WHEN it comes to dash cameras, Big Rigs readers have plenty to choose from.
So when Uniden and new-brand Transcend brought out new cameras this year, we jumped at the chance to give them a road test.
Dash cameras have come a long way; so far that now the police will review footage before writing out a ticket after an incident and some insurance companies are offering discounts to clients running the cameras.
Transcend's DrivePro 200 retails at $249 and comes with a 16GB micro SD card so you are ready to start recording straight away.
The great thing about the Transcend unit is that it uses new technology that allows you to control the unit remotely.
Just like a WiFi Go Pro, you can download an app that allows you to see what is being recorded in real time, view previously recorded footage and back up to your mobile device on the go.
The downside is that in the box, you don't get a USB charger, just the in-car charger.
This unit also came with something like 3M tape to mount the device, which holds well but isn't good if you need to transfer the device from vehicle to vehicle.
However as we were reviewing the DrivePro 200, Transcend brought out a suction mount accessory (RRP $24.95).
Apart from the camera in the box, you get video cables for playback on your TV.
Like the Uniden, the DrivePro allows you to set your exposure level and how sensitive you want its automatic incident recording sensor to be - low, medium or high - and the unit starts when your car starts.
Voice and loop recording is optional and there are two resolution settings.
In emergency mode, files are protected from being overwritten. This includes when the G-Shock sensor is activated or if you hit the red emergency button on the left-hand side of the unit.
But if it's features you are after, you can't look past the Uniden iGo Cam 750.
It comes with speed recording, new red light and speed camera alerts and lane assist to warn you if your vehicle is moving into another lane.
You do need to set up lane assist before you use the camera; it only takes a few minutes and uses lane and line markings to determine a point of reference - but this feature is limited in poor visibility like pouring rain.
The iGo Cam 750 also records GPS information.
Uniden claims the iGo Cam 750 comes with the "latest in vehicle accident recording black box technology", saying the sensor and collision detection mode ensures the camera identifies any changes in motion which will instantly trigger recording.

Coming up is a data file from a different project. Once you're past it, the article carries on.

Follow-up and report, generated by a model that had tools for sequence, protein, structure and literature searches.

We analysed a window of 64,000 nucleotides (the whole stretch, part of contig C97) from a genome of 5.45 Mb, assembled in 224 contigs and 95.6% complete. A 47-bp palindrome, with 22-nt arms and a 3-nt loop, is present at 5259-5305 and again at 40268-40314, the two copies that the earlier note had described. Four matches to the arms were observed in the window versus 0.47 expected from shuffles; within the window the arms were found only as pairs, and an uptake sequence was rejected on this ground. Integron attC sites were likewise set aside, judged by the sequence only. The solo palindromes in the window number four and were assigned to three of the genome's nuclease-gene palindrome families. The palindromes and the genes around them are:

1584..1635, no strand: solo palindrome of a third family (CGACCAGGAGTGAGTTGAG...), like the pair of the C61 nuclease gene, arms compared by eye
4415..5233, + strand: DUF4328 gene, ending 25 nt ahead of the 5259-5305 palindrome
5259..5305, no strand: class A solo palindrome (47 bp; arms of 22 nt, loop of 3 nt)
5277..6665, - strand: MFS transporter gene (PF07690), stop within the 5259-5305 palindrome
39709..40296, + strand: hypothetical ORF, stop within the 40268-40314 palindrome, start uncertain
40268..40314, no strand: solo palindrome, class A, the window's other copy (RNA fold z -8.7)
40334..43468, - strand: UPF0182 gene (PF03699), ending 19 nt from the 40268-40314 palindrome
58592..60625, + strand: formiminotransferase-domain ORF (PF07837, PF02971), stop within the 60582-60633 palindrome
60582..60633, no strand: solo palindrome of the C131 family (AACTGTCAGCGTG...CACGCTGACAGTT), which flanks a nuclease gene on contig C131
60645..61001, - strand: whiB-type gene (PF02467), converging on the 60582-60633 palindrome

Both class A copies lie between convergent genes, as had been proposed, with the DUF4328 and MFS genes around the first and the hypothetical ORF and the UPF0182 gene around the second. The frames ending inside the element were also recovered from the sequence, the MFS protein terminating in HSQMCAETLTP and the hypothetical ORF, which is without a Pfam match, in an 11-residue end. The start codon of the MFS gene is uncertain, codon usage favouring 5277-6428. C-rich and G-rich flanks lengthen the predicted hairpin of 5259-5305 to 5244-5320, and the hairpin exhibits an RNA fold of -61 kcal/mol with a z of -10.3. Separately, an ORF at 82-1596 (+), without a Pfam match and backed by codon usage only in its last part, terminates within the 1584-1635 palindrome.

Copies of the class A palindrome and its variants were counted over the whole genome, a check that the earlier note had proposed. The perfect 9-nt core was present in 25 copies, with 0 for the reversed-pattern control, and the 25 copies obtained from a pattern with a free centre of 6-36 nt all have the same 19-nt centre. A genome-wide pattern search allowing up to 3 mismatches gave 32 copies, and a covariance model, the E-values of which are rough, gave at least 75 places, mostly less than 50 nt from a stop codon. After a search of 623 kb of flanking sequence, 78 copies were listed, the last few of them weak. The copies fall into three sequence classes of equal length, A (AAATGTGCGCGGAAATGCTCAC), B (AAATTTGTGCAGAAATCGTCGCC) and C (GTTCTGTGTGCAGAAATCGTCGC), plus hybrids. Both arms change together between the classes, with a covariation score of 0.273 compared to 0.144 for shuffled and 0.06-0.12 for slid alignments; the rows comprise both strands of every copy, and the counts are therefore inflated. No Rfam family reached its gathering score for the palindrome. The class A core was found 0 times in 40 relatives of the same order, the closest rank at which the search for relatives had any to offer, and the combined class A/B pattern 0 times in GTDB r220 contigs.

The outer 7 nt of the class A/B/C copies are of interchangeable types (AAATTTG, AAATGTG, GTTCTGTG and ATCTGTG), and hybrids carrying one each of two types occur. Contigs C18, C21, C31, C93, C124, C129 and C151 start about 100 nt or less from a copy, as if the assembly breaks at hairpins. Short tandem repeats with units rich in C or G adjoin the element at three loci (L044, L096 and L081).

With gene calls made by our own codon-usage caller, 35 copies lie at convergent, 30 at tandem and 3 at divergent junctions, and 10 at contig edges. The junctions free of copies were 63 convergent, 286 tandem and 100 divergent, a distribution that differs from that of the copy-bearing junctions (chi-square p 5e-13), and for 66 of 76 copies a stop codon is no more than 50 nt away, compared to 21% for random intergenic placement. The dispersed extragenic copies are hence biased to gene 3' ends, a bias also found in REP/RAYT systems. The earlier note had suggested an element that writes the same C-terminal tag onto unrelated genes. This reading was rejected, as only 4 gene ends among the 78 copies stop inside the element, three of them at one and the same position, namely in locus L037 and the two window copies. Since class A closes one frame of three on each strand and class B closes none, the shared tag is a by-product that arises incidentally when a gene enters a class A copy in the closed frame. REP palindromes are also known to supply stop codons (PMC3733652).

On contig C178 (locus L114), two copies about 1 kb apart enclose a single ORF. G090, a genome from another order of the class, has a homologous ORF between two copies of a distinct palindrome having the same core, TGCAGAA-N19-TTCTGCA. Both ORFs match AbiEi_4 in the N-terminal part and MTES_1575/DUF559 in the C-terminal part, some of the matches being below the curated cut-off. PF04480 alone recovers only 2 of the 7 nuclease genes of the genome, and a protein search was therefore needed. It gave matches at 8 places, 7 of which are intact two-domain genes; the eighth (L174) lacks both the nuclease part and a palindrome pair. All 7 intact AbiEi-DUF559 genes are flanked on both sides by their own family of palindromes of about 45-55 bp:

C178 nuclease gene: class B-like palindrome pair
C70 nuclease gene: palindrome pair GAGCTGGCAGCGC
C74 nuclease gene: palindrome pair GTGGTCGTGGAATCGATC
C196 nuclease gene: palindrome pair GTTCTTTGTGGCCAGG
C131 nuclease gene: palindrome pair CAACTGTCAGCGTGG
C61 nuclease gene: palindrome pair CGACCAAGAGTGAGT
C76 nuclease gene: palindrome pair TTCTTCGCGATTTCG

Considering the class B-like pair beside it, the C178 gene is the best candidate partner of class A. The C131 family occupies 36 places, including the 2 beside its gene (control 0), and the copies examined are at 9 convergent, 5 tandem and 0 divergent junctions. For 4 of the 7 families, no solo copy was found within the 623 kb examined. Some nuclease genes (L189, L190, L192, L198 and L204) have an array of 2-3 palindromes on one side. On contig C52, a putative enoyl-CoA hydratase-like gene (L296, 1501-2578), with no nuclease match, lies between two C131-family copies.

The Uniden camera also has some internal memory and like the DrivePro 200 records in full HD 1080p but, with a wide 170-degree angle lens and 2.7 inch LCD colour display. The DrivePro 200 has a 160-degree wide angle lens and 2.4 inch LCD screen.
We gave both units to a truckie to try for a week and the Uniden was a winner. It doesn't come with an SD card but that can be picked up for around $30. In the box you get a HDMI cable, USB cable, a twist lock mount that you can take from vehicle to vehicle and software for your computer.
The software allows you to plot on a map where you've driven.
The verdict: Our undercover tester liked the Uniden iGO Cam 750 for its many features.
What you get
Full HD 1080P recording, 160° wide angle lens
Free 16GB Class 10 Micro SD card included - records 2.5hrs of video
Wi-fi connectivity and exclusive app (iPhone/Android) for downloading and sharing videos
Large 2.4" LCD screen and brightness controls
Uniden iGO Cam 750
One 1080p Full HD ultra-wide 170° angle lens
Speed camera warnings
G-sensor and collision detection mode
Lane assist and speed log
Geotagging saves details of the location where an incident occurred
Car plate stamp makes it easy to identify the user's number plate while viewing footage
2.7" LCD colour screen with brightness controls
HDMI port and AV out
Multi positioning cable for easy assembling
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